Police across England have been called to dozens of incidents in which pranksters dress as "creepy clowns" to deliberately scare people.
The culprits are said to be following a trend that started in the US.
A 30-year-old man was arrested and cautioned in Norwich after someone dressed as a clown jumped out from behind a tree and "terrified" a woman in a public park.
On Sunday Thames Valley Police said it was called to 14 incidents in 24 hours.
In the Norwich case, the woman was walking alone in Eaton Park at about 20:30 BST on Sunday when the man leapt out, screamed at her and ran after her.
Supt Lynne Cross, of Norfolk Police, said such incidents "may seem harmless, but it is quite frightening to those who experience it".
In County Durham on Friday, four children were followed to school by a man in a clown outfit who was armed with what turned out to be a plastic machete.
In a separate clowning caper in County Durham on Friday, police in Peterlee posted a photo on their Facebook page of items including two masks confiscated from two 12-year-olds who officers said had gone to a primary school to scare children.
Elsewhere, a 13-year-old boy is currently on police bail after being arrested on suspicion of common assault in West Bromwich on Saturday.
It is alleged they boy, wearing a clown mask, approached a 14-year-old on New Swan Lane at about 16:45 and grabbed his arm.
Why are we scared of clowns?
Professor Mark Griffiths, a chartered psychologist at Nottingham Trent University, says clowns tend to be scary because of their exaggerated looks and evil representation in films.
"The vast majority of people are not scared of clowns day-to-day but a clown's face has become part of a scare culture.
"There is a stereotype of the nasty, evil, eerie clown. If you look at clowns facially what you tend to find is part of their face or feet are exaggerated, they have huge noses, scary mouths and wildfire hair.
"We also have a cinematic trope. If you look at everything from Heath Ledger in Batman to Stephen King's It, we've got these characters with clown faces that are either killing people or doing really nasty things. Even if you have not come into contact with clowns, you're influenced by what you see in television and films."
Meanwhile, in Kidlington, Oxfordshire, a man dressed as a clown and carrying a baseball bat was reported to have chased a 10-year-old child through a park.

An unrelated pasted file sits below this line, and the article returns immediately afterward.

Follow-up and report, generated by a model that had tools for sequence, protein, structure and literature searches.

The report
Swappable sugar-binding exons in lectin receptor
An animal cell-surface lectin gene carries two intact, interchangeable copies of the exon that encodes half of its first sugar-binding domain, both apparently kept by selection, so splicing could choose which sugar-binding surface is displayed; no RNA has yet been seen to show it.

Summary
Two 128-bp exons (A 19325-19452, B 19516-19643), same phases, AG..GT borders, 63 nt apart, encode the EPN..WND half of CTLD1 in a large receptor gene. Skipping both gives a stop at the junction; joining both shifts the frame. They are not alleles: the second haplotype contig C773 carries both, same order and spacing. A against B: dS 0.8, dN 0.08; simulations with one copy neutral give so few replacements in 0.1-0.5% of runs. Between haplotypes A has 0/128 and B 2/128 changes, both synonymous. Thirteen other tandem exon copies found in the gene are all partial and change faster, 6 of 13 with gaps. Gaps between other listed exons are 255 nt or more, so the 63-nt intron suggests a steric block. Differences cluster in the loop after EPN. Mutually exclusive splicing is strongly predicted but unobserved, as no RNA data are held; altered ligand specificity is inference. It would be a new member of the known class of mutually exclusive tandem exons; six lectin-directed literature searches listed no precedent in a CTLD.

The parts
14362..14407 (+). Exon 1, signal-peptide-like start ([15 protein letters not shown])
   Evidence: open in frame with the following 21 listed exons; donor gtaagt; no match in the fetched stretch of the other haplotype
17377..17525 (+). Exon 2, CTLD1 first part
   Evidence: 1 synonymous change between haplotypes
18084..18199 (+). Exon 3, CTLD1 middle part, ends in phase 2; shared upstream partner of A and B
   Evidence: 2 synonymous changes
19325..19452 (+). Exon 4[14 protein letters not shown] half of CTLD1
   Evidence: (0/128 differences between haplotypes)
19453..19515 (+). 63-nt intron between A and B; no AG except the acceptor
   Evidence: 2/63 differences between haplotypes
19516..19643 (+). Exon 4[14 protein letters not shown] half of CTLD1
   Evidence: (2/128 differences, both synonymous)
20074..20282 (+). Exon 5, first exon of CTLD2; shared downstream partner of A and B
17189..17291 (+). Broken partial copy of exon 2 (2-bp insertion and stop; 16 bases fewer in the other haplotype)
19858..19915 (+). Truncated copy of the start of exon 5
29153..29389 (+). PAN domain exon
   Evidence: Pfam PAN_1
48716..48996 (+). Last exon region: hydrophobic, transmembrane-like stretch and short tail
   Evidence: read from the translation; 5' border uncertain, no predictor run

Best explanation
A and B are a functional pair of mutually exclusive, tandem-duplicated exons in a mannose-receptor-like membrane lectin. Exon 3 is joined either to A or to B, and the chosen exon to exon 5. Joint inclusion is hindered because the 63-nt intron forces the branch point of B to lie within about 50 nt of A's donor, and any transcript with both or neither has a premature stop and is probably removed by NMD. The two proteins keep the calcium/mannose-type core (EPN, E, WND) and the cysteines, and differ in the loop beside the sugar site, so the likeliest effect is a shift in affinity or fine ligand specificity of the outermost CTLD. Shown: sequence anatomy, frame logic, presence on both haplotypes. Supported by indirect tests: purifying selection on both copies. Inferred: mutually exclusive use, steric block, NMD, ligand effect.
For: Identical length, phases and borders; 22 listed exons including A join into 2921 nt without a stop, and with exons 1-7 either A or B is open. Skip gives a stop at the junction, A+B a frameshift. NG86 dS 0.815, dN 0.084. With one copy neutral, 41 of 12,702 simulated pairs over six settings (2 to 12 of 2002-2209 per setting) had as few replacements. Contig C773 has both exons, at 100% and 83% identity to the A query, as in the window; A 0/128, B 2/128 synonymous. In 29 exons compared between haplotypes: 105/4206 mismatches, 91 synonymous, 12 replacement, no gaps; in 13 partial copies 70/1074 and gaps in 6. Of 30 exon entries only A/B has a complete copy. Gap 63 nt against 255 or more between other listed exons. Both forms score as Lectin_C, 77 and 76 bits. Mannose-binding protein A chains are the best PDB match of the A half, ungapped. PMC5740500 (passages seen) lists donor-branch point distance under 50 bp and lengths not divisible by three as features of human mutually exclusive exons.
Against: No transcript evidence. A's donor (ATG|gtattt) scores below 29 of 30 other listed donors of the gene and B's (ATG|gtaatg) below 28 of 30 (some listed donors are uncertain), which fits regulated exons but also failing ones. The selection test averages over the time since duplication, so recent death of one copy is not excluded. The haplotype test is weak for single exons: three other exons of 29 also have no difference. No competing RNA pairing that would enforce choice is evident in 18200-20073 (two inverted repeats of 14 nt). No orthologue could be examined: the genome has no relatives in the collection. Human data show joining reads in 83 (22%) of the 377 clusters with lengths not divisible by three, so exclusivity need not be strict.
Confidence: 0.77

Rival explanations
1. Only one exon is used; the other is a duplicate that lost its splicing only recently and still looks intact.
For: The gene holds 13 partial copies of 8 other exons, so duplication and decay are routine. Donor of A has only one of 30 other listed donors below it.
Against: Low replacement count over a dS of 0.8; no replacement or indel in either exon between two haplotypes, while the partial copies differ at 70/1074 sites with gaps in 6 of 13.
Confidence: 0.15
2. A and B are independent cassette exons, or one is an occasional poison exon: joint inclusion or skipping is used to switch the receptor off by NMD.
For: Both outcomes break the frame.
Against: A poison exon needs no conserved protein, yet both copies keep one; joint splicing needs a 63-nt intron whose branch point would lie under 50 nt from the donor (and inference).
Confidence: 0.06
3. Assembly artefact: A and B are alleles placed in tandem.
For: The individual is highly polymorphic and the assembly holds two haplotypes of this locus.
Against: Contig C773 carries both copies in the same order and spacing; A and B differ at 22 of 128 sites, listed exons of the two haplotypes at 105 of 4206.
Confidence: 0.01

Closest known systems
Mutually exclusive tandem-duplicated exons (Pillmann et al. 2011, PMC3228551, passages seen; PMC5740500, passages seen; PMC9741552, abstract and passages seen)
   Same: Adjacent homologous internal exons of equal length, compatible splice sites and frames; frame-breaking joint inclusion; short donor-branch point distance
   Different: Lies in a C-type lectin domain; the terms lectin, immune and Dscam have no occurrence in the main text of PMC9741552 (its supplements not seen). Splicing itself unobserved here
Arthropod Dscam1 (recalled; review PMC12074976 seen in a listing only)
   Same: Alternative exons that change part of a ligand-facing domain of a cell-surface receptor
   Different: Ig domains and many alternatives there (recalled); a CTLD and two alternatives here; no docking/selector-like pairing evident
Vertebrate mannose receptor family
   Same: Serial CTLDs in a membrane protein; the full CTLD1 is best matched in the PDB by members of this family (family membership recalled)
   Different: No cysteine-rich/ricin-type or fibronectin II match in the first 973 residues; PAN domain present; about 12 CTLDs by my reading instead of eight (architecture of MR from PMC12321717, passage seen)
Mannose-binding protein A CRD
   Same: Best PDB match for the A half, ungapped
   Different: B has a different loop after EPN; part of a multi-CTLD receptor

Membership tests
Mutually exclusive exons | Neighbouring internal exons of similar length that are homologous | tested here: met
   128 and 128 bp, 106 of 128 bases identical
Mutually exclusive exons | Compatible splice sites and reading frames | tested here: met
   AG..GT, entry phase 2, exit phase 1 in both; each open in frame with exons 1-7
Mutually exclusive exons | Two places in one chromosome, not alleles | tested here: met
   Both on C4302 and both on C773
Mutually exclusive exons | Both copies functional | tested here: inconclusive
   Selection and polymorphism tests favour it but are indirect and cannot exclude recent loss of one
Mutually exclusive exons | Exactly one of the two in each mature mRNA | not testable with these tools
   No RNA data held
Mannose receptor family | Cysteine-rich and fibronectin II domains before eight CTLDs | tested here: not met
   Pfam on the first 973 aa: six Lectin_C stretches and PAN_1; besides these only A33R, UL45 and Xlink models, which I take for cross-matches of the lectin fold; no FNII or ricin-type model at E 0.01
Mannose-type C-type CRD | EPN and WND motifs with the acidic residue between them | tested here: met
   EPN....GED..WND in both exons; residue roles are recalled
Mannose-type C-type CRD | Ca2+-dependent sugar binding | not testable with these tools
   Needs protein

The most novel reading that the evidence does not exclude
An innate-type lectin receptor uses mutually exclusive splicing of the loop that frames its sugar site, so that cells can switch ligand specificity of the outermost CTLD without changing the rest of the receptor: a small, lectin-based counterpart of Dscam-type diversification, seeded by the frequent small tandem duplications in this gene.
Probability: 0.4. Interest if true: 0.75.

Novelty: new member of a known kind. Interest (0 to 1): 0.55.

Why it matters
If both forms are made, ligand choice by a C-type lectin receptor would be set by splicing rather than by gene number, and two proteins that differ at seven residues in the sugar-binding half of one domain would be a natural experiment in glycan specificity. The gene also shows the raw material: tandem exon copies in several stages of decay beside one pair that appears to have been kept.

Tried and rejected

Gloucestershire Police said it had received six reports of "clowns" behaving suspiciously or carrying knives. In one instance a child was followed.
A cyclist in Eastbourne, Sussex, was left "shaken" after someone dressed as a clown jumped out from a bush brandishing what he believed was an offensive weapon.
And in Sudbury, Suffolk, a boy was chased by "several people dressed as clowns".
People who have been approached by the clowns have taken to social media to warn others.
A contributor to the Spotted: Loughborough Facebook page said: "I was walking through Shelthorpe cemetery via the footpath next to the school. I was approached by what can only be described as a clown with an axe. I have never been so terrified in my life."
Thames Valley Police said clowns were "tying up resources which could impact on calls to other incidents".
Ch Supt Andy Boyd said: "While we do not want to be accused of stopping people enjoying themselves, we would also ask those same people to think of the impact of their behaviour on others and themselves.
"Their actions can cause fear and anxiety to other people. This could be perceived to be intimidating and threatening which could lead to public order offences, arrest and a criminal record."
The clown craze began in the US in late summer and has since spread to Canada and Australia.
Schools in Texas and Alabama were shut down, while the White House press secretary had to field questions about the president's stance on the phenomenon.
Inspector Simon Starns, of Sussex Police, said: "We will respond if someone feels threatened and the culprit could end up being arrested and then they won't find it so funny."